Clinical and toxicity predictors of response and progression to temsirolimus in women with recurrent or metastatic endometrial cancer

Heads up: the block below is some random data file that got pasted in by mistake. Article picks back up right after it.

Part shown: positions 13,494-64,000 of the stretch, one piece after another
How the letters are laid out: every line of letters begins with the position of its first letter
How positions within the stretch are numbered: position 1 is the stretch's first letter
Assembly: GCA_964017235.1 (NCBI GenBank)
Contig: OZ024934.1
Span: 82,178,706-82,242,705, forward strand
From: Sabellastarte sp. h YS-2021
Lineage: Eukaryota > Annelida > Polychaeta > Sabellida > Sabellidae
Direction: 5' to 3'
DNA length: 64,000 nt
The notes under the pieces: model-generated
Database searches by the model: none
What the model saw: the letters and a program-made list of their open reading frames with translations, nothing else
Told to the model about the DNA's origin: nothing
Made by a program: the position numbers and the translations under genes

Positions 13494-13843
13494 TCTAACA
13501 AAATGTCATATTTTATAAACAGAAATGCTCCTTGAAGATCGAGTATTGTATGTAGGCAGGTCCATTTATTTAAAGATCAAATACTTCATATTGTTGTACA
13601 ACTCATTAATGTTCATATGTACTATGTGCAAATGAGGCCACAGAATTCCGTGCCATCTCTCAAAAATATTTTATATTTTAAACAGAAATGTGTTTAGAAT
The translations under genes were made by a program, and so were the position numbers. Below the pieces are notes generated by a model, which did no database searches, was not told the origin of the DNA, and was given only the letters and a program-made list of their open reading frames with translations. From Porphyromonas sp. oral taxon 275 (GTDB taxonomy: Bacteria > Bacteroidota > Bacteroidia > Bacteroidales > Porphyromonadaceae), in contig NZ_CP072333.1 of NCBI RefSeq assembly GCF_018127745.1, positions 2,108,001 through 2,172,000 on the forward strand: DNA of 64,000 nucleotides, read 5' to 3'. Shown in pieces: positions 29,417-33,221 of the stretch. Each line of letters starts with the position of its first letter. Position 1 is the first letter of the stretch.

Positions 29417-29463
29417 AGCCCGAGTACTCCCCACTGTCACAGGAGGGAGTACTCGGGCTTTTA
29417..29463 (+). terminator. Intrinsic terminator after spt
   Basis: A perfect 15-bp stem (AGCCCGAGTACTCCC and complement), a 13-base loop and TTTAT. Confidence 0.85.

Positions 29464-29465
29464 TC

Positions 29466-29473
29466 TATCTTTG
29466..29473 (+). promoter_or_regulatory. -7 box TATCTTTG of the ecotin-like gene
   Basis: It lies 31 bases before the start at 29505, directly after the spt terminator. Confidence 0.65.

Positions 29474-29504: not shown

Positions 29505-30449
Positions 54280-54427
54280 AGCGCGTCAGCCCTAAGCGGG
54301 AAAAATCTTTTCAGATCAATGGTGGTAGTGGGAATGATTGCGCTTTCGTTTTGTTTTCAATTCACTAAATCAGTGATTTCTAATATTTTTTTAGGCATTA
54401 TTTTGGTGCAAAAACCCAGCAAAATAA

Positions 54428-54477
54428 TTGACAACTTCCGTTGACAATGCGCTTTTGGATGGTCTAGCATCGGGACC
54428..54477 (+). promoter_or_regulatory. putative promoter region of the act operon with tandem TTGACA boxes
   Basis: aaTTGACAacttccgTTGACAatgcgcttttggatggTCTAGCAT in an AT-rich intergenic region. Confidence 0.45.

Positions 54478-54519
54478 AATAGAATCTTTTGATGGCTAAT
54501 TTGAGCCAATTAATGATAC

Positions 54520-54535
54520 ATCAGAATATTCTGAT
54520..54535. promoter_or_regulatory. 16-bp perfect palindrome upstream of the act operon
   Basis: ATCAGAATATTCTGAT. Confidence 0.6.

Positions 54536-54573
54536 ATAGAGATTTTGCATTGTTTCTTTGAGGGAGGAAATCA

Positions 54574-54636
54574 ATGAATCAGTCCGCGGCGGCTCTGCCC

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OBJECTIVE: Temsirolimus (TEM) has recently shown activity (NCIC CTG phase II trial) in endometrial cancer (EC). Despite EC having a high rate of PTEN mutation, in this trial activity was independent of PTEN and other molecular markers. We explored whether treatment related toxicity occurring in cycle one was predictive of outcomes. METHODS: Patients were those enrolled on two sequential phase II studies of the NCIC CTG that evaluated single agent TEM in women with recurrent or metastatic chemotherapy naïve or treated EC. An exploratory landmark analysis examined the relationship between early treatment related toxicities as well as prior chemotherapy and efficacy outcomes (response, progression, and tumor size shrinkage) in univariate and multivariate analyses. The relationship between molecular markers and outcomes was also reexamined in patients. RESULTS: Mucositis, diarrhea, decreased absolute neutrophil count, as well as elevated glucose, or cholesterol were not independent predictors of response or progression. Highest fasting triglyceride predicted for a 3.5% tumor shrinkage from baseline. Women previously treated with chemotherapy were at 7.37 times greater risk of progression and experienced 20.9% increased tumor growth compared to chemotherapy naïve women. Molecular markers were not predictors of response or progression. CONCLUSIONS: Except for elevation in fasting triglyceride being associated with minimal tumor shrinkage, no other relationship between efficacy and TEM induced adverse events was found. mTOR inhibition activity in EC seems greatest in chemo-naïve patients. Future studies of mTOR inhibitors in EC should focus on women without prior chemotherapy while continuing to explore molecular mechanisms of benefit.
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